MEMRI has translated press reports which cite comments by an Al-Arabiya TV analyst who says that the Saudi Ministry of Education is attempting to get rid of employees associated with groups such as the Muslim Brotherhood. According to the report:
Fares bin Hazzam, an Al-Arabiya TV analyst for Islamic organizations, wrote in the daily Al-Riyadh that in recent years, the Ministry of Education has been working to discharge employees affiliated with extremist streams whose beliefs have influenced the education system: “Many are unaware of the extensive purging [taking place]in the school administrations. Over the past five years, they have been undergoing a quiet change, which continues to this day, [especially in]regions [heretofore]managed by administrators ideologically associated with Islamic movements, such as Al-Surouriyya and the Muslim Brotherhood. “The good thing about this quiet process is that it distinguishes between the religious [employees]and those with [extremist]ideology, who were competing for positions, which was reflected in the teaching [materials]. No one can deny the struggle between the two big adversaries – the Surouriyya and the Muslim Brotherhood – that have taken place from the 80s until recently. For example, [at one point]a Muslim Brotherhood member was appointed head of the teachers’ affairs administration [in the Education Ministry], and teachers from his movement [then]got the largest [piece of the]pie when they were posted throughout the school [system]… This was [also]the situation in the rest of the administrations. The resulting struggles in the schools are aimed at controlling as many students as possible…”The Ministry [of Education]woke up [only]after the schools were dominated by [teachers]with [extremist]ideology, who, with the help of education administrations, managed for a quarter of a century to influence the education [system]in accordance with their [ideological]orientation. In order to deal with this crisis, it was necessary to launch a long-range program that will by no means be completed for at least another decade. However, the initial results are commendable, and demonstrate sincerity and perseverance in improving [the situation]…”
In a paper written for the Hudson Institute, French scholar Giles Kepel traces the origins of what is referred to here as the “Global Muslim Brotherhood” to the fusion of Muslim Brother and Saudi “Wahhabist” influences which took place as Muslim Brothers arrive in the Kingdom during the 1950’s and 1960’s
After being driven out of Egypt in the 1950s and ’60s, many Brothers found shelter in Saudi Arabia. The Saud family establishment was extremely hesitant and cautious vis-à-vis the Brotherhood, and they were never permitted access to the core of Saudi society, and to deal openly with religious issues. This was seen as the exclusive domain of the Wahhabis, who had formed an alliance with the ruling family. But the Saudi elites nonetheless saw the Brothers as useful because—to put it bluntly—they could read and write. While the Wahhabi ulama were ill at ease in dealing with the modern world, the Brothers were well traveled and relatively so- phisticated. They knew foreign languages and, unlike the Wahhabi ulama, were aware that the earth was not flat. The Brothers had been in jail, had political experience, and were skilled in modern polemics that resonated widely with ordinary people. Most of all, they had stood courageously against Saudi Arabia’s archenemies, the communists and secularists, and were eager to continue the fight. At the behest of the World Muslim League—which Saudi Arabia created in 1962 to counter Nasser’s attempts to internationalize Al Azhar University and promote the view that Islam was compatible with socialism—the Brothers argued in a variety of public forums that communism and socialism were totally antithetical to Islam. As in Egypt, the Brothers became especially active in the field of education, which was considered by Saudi and Gulf rulers to be innocuous at the time…..a cross-fertilization of ideas took place between the exiled Brotherhood and the austere teachings of what might be described as the Wahhabi rank and file. That interaction, combined with the new organizational and financial backing of groups like the Muslim World League, would eventually lead to the rise of a new, internationalist form of Salafism. The Brotherhood played a crucial role in shaping this new ideological universe, which is now, in important ways, the dominant cultural force in the Arab Middle East.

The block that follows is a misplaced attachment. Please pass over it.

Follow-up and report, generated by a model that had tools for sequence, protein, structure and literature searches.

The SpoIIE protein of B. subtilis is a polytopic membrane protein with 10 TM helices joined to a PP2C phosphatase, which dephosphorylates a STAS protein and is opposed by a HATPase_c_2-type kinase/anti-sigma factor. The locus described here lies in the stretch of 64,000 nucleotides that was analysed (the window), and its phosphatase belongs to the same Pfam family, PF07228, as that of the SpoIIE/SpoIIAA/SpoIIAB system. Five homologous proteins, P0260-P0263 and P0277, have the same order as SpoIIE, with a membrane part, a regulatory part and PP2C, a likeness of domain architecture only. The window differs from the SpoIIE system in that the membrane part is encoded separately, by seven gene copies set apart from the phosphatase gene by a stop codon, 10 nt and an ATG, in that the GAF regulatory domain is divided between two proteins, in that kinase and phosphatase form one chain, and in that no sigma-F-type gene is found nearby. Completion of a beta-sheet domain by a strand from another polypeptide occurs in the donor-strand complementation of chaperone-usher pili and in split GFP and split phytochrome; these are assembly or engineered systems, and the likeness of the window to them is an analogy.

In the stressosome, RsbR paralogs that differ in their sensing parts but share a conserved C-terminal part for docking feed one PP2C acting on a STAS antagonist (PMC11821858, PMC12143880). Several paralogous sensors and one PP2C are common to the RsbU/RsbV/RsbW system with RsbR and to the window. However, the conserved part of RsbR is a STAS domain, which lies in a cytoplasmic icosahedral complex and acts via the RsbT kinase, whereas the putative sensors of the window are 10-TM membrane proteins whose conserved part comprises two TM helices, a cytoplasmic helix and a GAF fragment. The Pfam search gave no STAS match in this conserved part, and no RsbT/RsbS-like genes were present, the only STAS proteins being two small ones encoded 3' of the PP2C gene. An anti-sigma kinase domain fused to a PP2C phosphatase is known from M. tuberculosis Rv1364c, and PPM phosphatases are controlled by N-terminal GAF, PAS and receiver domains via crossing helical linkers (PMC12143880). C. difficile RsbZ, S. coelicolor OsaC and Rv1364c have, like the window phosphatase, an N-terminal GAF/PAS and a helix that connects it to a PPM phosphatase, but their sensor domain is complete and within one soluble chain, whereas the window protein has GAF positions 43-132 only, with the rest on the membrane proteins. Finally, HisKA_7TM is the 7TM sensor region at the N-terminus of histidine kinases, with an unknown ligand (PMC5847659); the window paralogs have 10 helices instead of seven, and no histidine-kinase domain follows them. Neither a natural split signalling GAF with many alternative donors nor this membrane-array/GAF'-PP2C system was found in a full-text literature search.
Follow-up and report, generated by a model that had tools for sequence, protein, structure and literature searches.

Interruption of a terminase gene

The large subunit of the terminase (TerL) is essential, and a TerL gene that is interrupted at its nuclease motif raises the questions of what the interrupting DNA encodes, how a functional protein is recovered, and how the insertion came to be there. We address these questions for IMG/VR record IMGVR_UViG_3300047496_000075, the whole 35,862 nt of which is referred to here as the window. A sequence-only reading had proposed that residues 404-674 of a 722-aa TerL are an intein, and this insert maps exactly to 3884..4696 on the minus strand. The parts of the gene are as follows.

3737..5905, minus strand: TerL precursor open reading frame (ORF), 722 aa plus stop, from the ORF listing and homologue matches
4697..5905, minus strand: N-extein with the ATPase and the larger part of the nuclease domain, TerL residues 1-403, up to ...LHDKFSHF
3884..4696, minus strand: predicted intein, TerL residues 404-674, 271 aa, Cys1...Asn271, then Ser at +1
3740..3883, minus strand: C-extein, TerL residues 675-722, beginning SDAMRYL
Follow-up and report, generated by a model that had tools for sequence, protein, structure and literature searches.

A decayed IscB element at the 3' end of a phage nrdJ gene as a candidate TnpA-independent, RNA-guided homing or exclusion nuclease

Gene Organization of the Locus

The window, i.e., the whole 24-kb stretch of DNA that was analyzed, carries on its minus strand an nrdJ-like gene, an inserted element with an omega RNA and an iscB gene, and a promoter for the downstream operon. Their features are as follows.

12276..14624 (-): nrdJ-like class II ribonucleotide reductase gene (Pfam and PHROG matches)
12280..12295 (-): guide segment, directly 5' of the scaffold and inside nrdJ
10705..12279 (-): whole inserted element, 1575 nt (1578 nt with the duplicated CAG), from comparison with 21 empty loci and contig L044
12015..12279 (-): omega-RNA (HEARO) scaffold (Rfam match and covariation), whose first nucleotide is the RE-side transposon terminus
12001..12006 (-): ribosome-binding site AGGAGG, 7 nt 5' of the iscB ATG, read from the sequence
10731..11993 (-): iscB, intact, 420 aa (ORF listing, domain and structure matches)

Kepels’s paper further explains that supporting the development of the new international networks were developments in Egypt following the 1971 reforms of Anwar Sadat:
Sadat freed most of the Brothers from prison, and many of them soon wound up on university campuses, where the government granted them relative freedom to organize and propagate their message, as Sadat needed conservative allies to help him break the bones of the left in the academy. Sadat also sent for Omar al-Telmesani, a lawyer who was then the Brothers’ Supreme Guide, and offered to give him a license to publish the Brotherhood’s long-suppressed monthly bulletin, Call to Islam. The Egyptian Mukhabarat, or intelligence organization, also subsequently befriended the Brotherhood, and in addition to receiving support from the state apparatus, they were freed to mobilize new funding channels in the Gulf. Taken together, these activities helped bring about the spirit of religious conservatism that characterized Egypt in the first half of the 1970s….In the early 1970s, the Brotherhood’s establishment in Egypt by and large responded warmly to Sadat’s conciliatory policies and efforts to court them. These Brothers were pursuing a reformist agenda, hoping that access to the regime would allow them to manipulate it from the inside and eventually cause it to fall.